Southern California

Capital Murder Charges Filed Against Suspected ‘Golden State Killer' in Southern California

Joseph James DeAngelo, 72, was arrested early Wednesday on suspicion of murder by police in Sacramento

What to Know

  • The FBI said the "Golden State Killer" is responsible for approximately 45 rapes, 12 homicides, and multiple residential burglaries
  • In 2016, the FBI announced a $50,000 reward and a national campaign to identify the killer
  • The sister of Janelle Cruz, one of the killers last victims, said she received word of an arrest Wednesday morning

Capital murder charges were filed against the suspected "Golden State Killer" in connection with the March 1980 murders of a Ventura County couple, officials said Wednesday.

The charges were filed against 72-year-old Joseph James DeAngelo, a former officer from the Auburn Police Department, who was arrested Wednesday in Sacramento after a tip from the public and DNA evidence pointed detectives to the suspect, said Ventura County District Attorney Gregory Totten.

He was charged in connection with the bludgeoning killings of Lyman and Charlene Smith. He was a lawyer. His wife was a court clerk.

The charges include two counts of first-degree murder with special circumstances of multiple murders, murder during a rape and burglary, Totten said.

"This 1980 murder has long been a source of fear and angst," Totten said.

The case terrorized California in the late 70s and 80s and left 12 victims dead and 50 women raped across the state.

Investigators linked him to four murders in Orange County.

"We've always believed, at least for many years, that this case would begin and end with DNA," Orange County District Attorney Tony Rackauckas said. "... Our team is going to work hard to make sure he never gets out."

The emergence of DNA technology in the late 1990s helped local law enforcement link the suspect to four unsolved murders in the Southland, according to Irvine police Sgt. Sarah Tunnicliffe.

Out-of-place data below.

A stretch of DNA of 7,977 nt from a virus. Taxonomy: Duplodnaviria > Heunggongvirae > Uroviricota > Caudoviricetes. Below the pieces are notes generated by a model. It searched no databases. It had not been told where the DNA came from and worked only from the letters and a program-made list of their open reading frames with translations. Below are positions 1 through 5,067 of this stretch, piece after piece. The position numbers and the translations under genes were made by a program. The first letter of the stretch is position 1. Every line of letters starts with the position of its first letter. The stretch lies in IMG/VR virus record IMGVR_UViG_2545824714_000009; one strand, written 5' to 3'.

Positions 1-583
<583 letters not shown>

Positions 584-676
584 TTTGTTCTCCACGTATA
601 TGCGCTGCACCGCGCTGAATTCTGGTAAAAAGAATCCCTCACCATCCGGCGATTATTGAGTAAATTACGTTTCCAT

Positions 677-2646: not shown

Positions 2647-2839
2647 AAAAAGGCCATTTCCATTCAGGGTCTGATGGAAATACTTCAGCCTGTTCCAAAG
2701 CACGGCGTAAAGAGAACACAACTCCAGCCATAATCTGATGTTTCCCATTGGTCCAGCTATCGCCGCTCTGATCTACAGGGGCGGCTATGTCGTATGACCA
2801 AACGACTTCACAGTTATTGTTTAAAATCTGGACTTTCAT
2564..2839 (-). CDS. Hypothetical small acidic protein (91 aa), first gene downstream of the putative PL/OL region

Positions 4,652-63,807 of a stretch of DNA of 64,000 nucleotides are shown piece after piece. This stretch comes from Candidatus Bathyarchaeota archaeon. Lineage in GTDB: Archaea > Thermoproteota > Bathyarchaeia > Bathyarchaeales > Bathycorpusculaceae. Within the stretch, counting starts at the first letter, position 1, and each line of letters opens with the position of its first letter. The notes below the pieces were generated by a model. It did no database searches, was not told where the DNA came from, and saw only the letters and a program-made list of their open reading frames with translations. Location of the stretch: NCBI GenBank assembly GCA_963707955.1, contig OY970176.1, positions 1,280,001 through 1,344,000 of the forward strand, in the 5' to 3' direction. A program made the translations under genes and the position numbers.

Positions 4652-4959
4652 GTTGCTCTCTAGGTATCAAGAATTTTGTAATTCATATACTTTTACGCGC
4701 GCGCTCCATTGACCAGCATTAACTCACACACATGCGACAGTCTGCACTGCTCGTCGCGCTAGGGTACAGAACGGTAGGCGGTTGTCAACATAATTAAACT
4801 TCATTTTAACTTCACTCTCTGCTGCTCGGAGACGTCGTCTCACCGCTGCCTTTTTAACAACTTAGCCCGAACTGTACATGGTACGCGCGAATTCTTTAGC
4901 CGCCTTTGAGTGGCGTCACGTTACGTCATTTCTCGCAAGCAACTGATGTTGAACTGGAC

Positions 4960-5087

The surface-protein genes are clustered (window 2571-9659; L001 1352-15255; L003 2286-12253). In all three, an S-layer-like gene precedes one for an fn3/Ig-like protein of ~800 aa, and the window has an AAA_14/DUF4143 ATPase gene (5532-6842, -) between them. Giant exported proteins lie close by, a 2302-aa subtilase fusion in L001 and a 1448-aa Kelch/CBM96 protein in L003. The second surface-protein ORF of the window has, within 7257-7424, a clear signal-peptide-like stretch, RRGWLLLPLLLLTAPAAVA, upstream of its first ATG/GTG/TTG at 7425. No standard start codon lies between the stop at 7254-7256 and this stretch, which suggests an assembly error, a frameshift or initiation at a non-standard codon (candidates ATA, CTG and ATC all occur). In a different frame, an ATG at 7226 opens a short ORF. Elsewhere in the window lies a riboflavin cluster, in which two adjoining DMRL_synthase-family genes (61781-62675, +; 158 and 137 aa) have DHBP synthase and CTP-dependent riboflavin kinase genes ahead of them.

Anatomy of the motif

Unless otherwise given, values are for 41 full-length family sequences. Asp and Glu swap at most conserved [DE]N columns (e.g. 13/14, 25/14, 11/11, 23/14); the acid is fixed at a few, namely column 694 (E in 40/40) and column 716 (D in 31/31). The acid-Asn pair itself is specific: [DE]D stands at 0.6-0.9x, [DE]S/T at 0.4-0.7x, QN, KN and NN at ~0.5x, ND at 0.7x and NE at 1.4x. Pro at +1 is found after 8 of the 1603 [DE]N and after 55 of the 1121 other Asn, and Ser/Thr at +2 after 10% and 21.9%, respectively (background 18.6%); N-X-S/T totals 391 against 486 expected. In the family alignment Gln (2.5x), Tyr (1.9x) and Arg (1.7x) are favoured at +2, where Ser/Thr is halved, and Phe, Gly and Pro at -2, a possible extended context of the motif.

"James DeAngelo has been called a lot of things by law enforcement. He's been called the East Side Rapist; the Visalia Ransacker. The Original Night Stalker. The Golden State Killer. Today it's our pleasure to call him defendant," Rackauckas said. 

The first locally known victims were a husband and wife -- Keith and Patrice Harrington -- in Dana Point. They were newlyweds, married just four months. 

Their bodies were found in their home on Aug. 19, 1980 by the Keith's father, two days after they had been killed. They were slain in the gated community of Niguel Shores. There was no forced entry. 

On Feb. 5, 1981, Manuella Witthuhn was found dead in her Irvine home. The last known Orange County victim -- 18-year-old Janelle Cruz -- was found on May 5, 1986, in her Irvine home.

"It is time for the victims to begin to heal, so long overdue," said Bruce Harrington, brother of Keith Harrington. "For law enforcement, bravo, bravo, bravo. Their tenacity, their patience, their unrelenting focus. .... Today is also a reaffirmation of the power and the public safety that's associated with forensic DNA technology."

Harrington worked with the Orange County District Attorney's Office in 2004 to secure the passage of Proposition 69, which expanded the state's criminal DNA database to every convicted felon in California.

The sister of Janelle Cruz, one of the killers last victims, said she received word of an arrest Wednesday morning. Janelle Cruz was killed in 1986 in Irvine. She was only 18 years old.

"I'm so excited and overwhelmed," said Michelle Cruz. "I'm feeling very blessed today and now I will be able to breathe again."

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